The first band to play was Vanderveer St. Starting around 6:15, two members of the group, vox/guitarist Billy Kupillas and bassist Thomas O’Brien, came up first, both with guitars. It seemed that their intentions were that they were just going to have fun, and they did. And in doing that, so did the rest of the audience. There was banter and joyful insults back and forth between Billy and the rest of the band who sat in the back, and everyone had a good time. They obviously were winging it, because they’d be in a song and realize that there was a drum solo, but no drums, so they shouted out, “Drum solo!” in the appropriate places, and paused. And Thomas’s bass solo sounded all the stranger on the acoustic guitar, but in a good way. VS were a good start. I also admire that they stuck around for almost the whole show.
Between the bands, Vin smoked and Lyss looked appropriately bored. I gave her my card, and she basically showed no interest whatsoever. Not sure if she was being “cool” or being cold. Kinda distracting. She watched and videoed the bands, but really did not seem to be present. Maybe it’s me…
[Anthony K, of Kung Fu Grip]
Anthony K came on next. He kept saying, in a self-deprecating way, “I’m not in the mood to do this!” to anyone who would listen, but he still did fine. I’ve seen him perform some acoustic stuff before, with Ricky, but he sounded alright by himself. While not as flashing a guitarist as his cousin, Anthony is more meat and ‘taters (though he’s a madman drummer when he plays). Funny thing is that when electrified, Anthony sounds like he could be in some Northwest post-grunge outfit, but when he plays the same songs acoustically, they translate amazingly well into singer-songwriter. He finished his set with one of my favorite songs of his, about his girlfriend (which reminds me, in spots, of Lennon’s “Julia”).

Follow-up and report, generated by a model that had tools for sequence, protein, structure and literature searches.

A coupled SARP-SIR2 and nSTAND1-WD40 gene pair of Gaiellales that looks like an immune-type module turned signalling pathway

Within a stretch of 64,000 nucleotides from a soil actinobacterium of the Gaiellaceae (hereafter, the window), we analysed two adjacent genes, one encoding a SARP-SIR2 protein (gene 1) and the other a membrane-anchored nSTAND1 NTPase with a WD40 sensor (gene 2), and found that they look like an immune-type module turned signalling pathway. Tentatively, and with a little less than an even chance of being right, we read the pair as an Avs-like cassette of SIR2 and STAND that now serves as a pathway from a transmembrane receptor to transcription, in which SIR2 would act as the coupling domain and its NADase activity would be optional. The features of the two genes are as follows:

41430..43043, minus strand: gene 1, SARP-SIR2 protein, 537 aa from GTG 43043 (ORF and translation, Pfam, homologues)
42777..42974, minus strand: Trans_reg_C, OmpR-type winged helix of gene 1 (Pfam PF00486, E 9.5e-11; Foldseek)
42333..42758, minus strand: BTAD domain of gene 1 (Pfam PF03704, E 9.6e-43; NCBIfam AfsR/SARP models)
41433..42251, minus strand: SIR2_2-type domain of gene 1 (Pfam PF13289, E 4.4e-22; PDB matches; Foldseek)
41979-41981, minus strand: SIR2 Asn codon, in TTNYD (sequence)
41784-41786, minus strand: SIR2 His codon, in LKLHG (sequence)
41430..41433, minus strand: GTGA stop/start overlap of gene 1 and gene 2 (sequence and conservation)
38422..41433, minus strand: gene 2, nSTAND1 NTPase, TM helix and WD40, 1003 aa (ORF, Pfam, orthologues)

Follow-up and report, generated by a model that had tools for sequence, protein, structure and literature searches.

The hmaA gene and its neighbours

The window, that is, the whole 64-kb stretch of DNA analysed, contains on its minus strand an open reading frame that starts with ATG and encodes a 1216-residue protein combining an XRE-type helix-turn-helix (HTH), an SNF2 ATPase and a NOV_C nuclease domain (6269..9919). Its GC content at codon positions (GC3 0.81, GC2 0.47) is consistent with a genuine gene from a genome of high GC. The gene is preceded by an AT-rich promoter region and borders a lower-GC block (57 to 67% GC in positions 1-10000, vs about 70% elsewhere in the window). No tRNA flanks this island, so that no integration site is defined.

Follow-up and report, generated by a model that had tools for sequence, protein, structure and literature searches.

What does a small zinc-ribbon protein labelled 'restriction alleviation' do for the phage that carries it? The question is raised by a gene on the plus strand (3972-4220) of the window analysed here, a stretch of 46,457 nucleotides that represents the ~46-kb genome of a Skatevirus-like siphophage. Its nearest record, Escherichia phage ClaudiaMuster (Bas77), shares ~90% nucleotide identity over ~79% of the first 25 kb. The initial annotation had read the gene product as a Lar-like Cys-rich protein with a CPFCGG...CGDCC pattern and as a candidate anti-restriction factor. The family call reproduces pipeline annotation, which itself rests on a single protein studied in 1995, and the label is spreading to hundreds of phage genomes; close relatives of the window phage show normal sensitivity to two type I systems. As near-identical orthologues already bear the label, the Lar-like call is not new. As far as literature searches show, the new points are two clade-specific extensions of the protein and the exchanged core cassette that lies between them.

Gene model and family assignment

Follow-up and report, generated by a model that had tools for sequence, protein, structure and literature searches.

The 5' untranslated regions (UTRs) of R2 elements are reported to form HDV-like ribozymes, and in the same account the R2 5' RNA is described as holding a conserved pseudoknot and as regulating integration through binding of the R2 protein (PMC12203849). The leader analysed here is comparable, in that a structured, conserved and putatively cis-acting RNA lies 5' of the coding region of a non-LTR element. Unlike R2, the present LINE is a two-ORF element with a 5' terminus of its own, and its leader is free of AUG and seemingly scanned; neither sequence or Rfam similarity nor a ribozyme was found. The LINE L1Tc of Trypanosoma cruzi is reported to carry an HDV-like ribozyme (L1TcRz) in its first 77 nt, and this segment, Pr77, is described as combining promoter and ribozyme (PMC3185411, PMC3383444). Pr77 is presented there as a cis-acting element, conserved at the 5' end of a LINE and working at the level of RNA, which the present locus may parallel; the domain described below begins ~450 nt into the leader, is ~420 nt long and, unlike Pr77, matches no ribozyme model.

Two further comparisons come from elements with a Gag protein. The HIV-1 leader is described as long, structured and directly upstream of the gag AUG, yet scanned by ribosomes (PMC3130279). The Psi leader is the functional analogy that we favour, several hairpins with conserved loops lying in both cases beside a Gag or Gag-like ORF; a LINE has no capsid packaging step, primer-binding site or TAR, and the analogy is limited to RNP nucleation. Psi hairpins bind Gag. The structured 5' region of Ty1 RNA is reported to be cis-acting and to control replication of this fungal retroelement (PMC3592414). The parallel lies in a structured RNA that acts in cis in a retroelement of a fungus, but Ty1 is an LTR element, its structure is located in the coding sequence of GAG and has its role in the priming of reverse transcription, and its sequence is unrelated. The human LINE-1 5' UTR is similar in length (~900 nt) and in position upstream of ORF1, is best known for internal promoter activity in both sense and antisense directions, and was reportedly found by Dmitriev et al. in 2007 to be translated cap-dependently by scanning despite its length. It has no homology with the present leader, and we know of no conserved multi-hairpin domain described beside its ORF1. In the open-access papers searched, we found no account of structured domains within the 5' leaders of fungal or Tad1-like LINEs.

Through the first three sets, there was a table of older regulars in their 60s sitting behind me, who conversationally talked loudly over the music, and I wanted to turn to them and say, “How about a little respect for the music,” but they did not look like they would be receptive, and they obviously didn’t care. So, I took the high ground and respected my elders. If they were younger, I may have said something.
[Dead Leaf Echo]
Here’s where things began to get a bit weird. Two members of Dead Leaf Echo came on next, though I believe they were supposed to come on earlier, but were late, as I mentioned earlier. Up until them, everything had been acoustic, but they brought in four amps, an electric guitar with an elaborate foot pedal setup, and a huge synth keyboard. The music was ambient, in an electronica way, and while it was played well, I found it incredibly somnambulistic, and yet amazingly loud, especially when Mike D. pushed the petals. Liza B. didn’t really have much to do other than press a chord on the synth every bar or so, and sing a single note for a bar in a Linda McCartney quality. They seemed like nice people, but I was glad when they were over.